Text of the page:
NERO is an international publishing house devoted to art, criticism and contemporary culture. Founded in Rome in 2004, it publishes artists’ books, catalogs, editions and essays.

NERO explores present and future imaginaries beyond any field of specialization, format or code – as visual arts, music, philosophy, politics, aesthetics or fictional narrations – extensively investigating unconventional perspectives and provocative outlooks to decipher the essence of this ever changing reality.

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Heads of Content:
Valerio Mannucci, Lorenzo Micheli Gigotti

Creative Director:
Francesco de Figueiredo

Editor at large:
Luca Lo Pinto

Michele Angiletta, Alessandra Castellazzi, Carlotta Colarieti, Clara Ciccioni, Carolina Feliziani, Tijana Mamula, Valerio Mattioli, Laura Tripaldi

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Giulia Crispiani

Elisa Chieruzzi, Lorenzo Curatola, Lola Giffard-Bouvier

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Linda Lazzaro

Davide Francalanci

Hugo Canoilas, Love the sunset and dawn, because there's nothing more useless than that, 2015 (detail)

The Future of What

Julieta Aranda, Chus Martínez, Trevor Paglen and José Luis de Vicente speculate on the future of politics and Art-making

In February 2018, ARCO Madrid hosted a round table titled What is Going to Happen is not the Future but what We Are Going to Do, where Chus Martínez, José Luis de Vicente, Julieta Aranda and Trevor Paglen discussed the concept of “future without futurology” in a tentative endeavour “to address what currently feeds art and society: economy, nature, technology, gender, coexistence, privatisation, education, protection of the cultural sphere, autonomy and form of the institutions.” This is the transcription of the discussion. Thanks to the participants and the curators Chus Martínez, Elise Lammer, Rosa Lleó, who are featured also in the book What is Going to Happen is not the Future but what We Are Going to Do (NERO, 2018)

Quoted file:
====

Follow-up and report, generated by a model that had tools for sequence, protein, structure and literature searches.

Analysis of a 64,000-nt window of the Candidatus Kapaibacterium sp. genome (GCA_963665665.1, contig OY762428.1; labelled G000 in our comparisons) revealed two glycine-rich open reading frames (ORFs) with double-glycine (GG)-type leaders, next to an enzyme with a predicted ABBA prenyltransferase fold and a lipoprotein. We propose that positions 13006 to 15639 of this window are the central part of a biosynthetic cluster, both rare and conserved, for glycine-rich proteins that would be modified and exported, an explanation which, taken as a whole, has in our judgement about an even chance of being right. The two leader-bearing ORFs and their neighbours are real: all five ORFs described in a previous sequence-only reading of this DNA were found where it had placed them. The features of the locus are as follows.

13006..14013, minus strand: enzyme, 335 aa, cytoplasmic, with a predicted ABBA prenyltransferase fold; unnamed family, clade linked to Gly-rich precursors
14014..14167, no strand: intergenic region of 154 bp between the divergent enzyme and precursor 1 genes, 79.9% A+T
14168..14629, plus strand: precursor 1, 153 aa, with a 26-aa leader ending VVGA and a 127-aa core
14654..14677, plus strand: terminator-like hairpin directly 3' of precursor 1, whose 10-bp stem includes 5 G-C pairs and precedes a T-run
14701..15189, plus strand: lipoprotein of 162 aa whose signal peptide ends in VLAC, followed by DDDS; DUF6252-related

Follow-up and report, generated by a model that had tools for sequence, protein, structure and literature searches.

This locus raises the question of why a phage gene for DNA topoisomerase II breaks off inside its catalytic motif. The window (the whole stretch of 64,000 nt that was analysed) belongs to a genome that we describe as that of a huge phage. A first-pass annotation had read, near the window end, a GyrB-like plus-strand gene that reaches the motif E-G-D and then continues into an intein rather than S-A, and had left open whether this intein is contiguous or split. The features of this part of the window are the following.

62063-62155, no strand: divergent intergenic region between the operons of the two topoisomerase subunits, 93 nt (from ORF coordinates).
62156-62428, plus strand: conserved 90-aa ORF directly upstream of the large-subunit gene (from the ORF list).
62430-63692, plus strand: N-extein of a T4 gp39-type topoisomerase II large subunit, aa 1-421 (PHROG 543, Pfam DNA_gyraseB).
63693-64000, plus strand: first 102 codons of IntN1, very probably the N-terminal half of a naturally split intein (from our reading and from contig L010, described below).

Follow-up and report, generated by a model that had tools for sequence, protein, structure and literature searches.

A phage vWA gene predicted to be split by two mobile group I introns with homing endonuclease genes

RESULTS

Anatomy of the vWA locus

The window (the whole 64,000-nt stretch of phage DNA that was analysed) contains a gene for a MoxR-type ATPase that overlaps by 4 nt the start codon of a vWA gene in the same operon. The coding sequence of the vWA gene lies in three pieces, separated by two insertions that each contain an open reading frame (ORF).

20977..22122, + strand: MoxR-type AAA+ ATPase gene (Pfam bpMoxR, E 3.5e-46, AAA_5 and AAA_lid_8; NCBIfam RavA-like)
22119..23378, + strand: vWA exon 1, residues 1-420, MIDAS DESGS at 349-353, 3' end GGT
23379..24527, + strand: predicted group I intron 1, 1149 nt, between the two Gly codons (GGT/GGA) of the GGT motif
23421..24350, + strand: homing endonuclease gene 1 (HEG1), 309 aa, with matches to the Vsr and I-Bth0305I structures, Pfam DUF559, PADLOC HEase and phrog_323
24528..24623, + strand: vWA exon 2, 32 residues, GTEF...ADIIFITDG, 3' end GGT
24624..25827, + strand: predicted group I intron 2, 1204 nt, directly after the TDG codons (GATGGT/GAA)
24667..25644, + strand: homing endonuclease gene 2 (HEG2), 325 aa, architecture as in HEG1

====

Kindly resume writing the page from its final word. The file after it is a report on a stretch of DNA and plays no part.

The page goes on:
José Luis de Vicente: In 2017, at CCCB in Barcelona, we launched the idea of a Ministry of the Future, which we described as “an artistic initiative to convince governments around the world that they should put in place mechanisms for long-term policy.” What’s the meaning of such an initiative? Well, let’s put it this way: the structure of the political system gets shorter and shorter. That is to say, the architecture of the current political system only has short-term incentives, short-term means, and short-term actions. But these short-term incentives are deployed in an age in which we are forced to commit to long-term scenarios. Just think of the Paris Agreement: we are committing to vastly lowering our CO2 emissions by 2100. Now, it’s kind of hard to commit to a eighty-two-year-long scenario in an age when, in Catalunya for instance, we have run through four elections in seven years.

What we see here is a kind of contradiction. It is paradoxical that the scheme in which we would have to operate—a short-term one—works within a long scheme of longer commitments. At the same time, the year 2100 may seem very distant, right? But if we think about it, it turns out that it isn’t at all. The people born today will likely be alive in 2100. So, there is a paradox operating there on two levels, and that’s where the idea of a Ministry of the Future comes from.

The driving question of a Ministry of the Future is: What would it be like if every government had a cabinet member whose constituency are not the voters of today, but the people who cannot vote, either because they don’t have the capacity to vote, or because they are still not eligible (because they have not been born yet)? But also, very importantly, what about those who are not humans but whose future is as directly tied to our commitment to the Paris agreement as the goals of humans are to the environment?

Chus Martínez: So, is the Ministry of the Future a metaphoric notion or a non-metaphoric one?

José Luis de Vicente: Well, in a way, there’s absolutely a metaphoric level here, because you would have to actually be able to establish an open negotiation with some political structure, saying “There is somebody who does not respond to your constituency;” to put it briefly, the voters would have to select someone who does not respond to the voters. And I don’t even know if there is any political system that can resolve that contradiction…

Chus Martínez: I see. But if we turn to the non-metaphoric aspects of such an idea, what would be the difference between a Ministry of the Future and other organizations that deal with both humans and non-humans, such as, let’s say, Greenpeace?